Mysterious ‘fragments’ attracted attention of U.S. officials
In 1973, two aluminum spheres found in New Zealand attracted intense interest from the U.S. Department of State after initial observation suggested extra-terrestrial origins.
The two space fragments, known locally as "space balls" according to one State Department cable, were purportedly discovered by two farming brothers about two weeks apart. They elicited excited correspondence between State Department and American embassy officials on the Ivory Coast, according to documents obtained through a public records request filed by Jack Carroll.
In a November 1973 letter to the American embassy in Abidjan, Ivory Coast, State Department officials requested the objects to be handed over for study.
Please inform appropriate Ivory Coast authorities that USG [U.S. Government] willing to assist in identifying object, the letter states. Cyrillic characters indicate probable soviet origin, but positive identification and analysis of purpose, technical characteristics, etc., will require shipment to US and physical examination.
USG willing to carry out such analysis and to provide summary report of its conclusions to Ivory Coast authorities.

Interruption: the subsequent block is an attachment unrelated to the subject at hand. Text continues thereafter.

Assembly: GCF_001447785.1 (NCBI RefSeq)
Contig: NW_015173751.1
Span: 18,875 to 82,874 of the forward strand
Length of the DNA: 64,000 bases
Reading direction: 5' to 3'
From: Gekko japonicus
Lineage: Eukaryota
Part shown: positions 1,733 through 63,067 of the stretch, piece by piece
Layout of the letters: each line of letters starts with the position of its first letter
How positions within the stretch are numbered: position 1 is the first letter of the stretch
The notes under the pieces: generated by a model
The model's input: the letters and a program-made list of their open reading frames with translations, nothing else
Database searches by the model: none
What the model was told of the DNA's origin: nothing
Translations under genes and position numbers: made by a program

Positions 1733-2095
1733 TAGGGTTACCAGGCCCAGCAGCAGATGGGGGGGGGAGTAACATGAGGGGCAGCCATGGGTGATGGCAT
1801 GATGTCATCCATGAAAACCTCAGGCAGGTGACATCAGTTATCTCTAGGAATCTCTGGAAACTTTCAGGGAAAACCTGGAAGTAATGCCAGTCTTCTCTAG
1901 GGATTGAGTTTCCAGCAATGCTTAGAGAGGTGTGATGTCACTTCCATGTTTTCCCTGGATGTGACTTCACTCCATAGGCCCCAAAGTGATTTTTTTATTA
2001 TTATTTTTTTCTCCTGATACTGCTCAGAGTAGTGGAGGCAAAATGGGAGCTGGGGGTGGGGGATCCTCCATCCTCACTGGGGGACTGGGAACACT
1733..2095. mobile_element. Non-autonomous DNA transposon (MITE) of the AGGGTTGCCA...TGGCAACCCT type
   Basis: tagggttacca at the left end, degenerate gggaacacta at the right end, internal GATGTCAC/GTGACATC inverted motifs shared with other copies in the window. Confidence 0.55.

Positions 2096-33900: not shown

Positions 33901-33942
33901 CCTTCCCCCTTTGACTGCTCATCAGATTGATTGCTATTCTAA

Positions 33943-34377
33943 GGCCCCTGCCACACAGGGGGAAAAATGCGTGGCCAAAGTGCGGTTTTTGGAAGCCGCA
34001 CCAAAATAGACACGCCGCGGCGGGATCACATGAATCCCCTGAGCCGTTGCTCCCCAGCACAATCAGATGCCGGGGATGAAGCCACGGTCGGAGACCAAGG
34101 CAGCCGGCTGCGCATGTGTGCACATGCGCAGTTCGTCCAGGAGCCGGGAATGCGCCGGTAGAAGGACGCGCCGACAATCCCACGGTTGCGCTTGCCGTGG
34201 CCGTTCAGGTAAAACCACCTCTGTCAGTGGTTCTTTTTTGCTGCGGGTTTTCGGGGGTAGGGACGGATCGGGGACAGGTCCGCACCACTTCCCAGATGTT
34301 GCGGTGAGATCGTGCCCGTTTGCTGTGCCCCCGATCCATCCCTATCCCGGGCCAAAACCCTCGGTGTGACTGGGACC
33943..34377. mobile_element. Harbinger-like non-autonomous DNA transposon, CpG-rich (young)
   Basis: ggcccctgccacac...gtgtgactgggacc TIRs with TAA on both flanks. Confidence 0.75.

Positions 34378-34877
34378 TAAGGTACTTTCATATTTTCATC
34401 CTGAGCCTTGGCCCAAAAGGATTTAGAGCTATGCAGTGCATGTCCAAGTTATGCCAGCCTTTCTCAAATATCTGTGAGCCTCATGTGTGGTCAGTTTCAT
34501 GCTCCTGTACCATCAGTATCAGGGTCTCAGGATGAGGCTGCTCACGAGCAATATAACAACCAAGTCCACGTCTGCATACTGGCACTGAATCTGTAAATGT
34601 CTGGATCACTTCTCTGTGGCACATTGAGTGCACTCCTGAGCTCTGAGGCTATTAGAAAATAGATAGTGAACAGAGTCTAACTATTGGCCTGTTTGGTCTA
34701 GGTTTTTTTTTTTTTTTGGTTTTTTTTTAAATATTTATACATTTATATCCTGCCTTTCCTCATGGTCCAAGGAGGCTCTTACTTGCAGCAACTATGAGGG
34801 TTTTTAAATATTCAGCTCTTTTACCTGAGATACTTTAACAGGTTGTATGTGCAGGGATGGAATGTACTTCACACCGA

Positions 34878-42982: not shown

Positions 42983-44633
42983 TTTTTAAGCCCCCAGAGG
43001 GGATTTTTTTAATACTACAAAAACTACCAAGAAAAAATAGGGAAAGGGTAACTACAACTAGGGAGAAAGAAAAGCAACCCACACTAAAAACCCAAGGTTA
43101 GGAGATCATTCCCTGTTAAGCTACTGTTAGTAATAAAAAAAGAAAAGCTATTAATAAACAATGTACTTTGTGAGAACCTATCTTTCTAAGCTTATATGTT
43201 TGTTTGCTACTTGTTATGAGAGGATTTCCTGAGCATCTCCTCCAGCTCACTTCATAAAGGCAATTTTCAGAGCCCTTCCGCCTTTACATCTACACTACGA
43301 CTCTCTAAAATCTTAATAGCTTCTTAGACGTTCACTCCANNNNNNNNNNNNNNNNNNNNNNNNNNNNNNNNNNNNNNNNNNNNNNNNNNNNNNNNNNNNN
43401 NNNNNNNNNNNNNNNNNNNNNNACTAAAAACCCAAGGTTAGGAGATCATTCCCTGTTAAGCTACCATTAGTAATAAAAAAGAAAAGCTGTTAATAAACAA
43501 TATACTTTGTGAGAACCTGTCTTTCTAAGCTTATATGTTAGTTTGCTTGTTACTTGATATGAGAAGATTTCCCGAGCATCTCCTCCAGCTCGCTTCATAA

The Department of Defense and NASA were skeptical of the objects purported uneartly origins. Still, NASA said they would examine the objects, and provided estimated shipping costs to the State Department from New Zealand to the United States.
The objects were described as spheres with welded equators. They were seven inches in diameter, .1 inches thick and weighed about two pounds. The objects had numerous holes of varying size, and were found to be composed of aluminum, silicon, iron and copper.
These were not the only intergalactic objects of interest to the U.S. In December 1976, the State Department also requested information regarding possible space objects found in Windsor, Ontario. Other space objects were reported in Bolivia, India and Morocco.
A specialist later identified the objects in Ontario as probably old, melted down automobile transmission parts, according to correspondence between the State Department and the U.S. Embassy in Ottawa, Ontario.
As for the objects recovered by the Lovett brothers, the New Zealand Department of Scientific and Industrial Research concluded the objects were altered aluminum fishing floats. Additionally, the statistical likelihood of two separate space objects falling in such close quarters on the globe was deemed so small that the discovery was determined to be a hoax.
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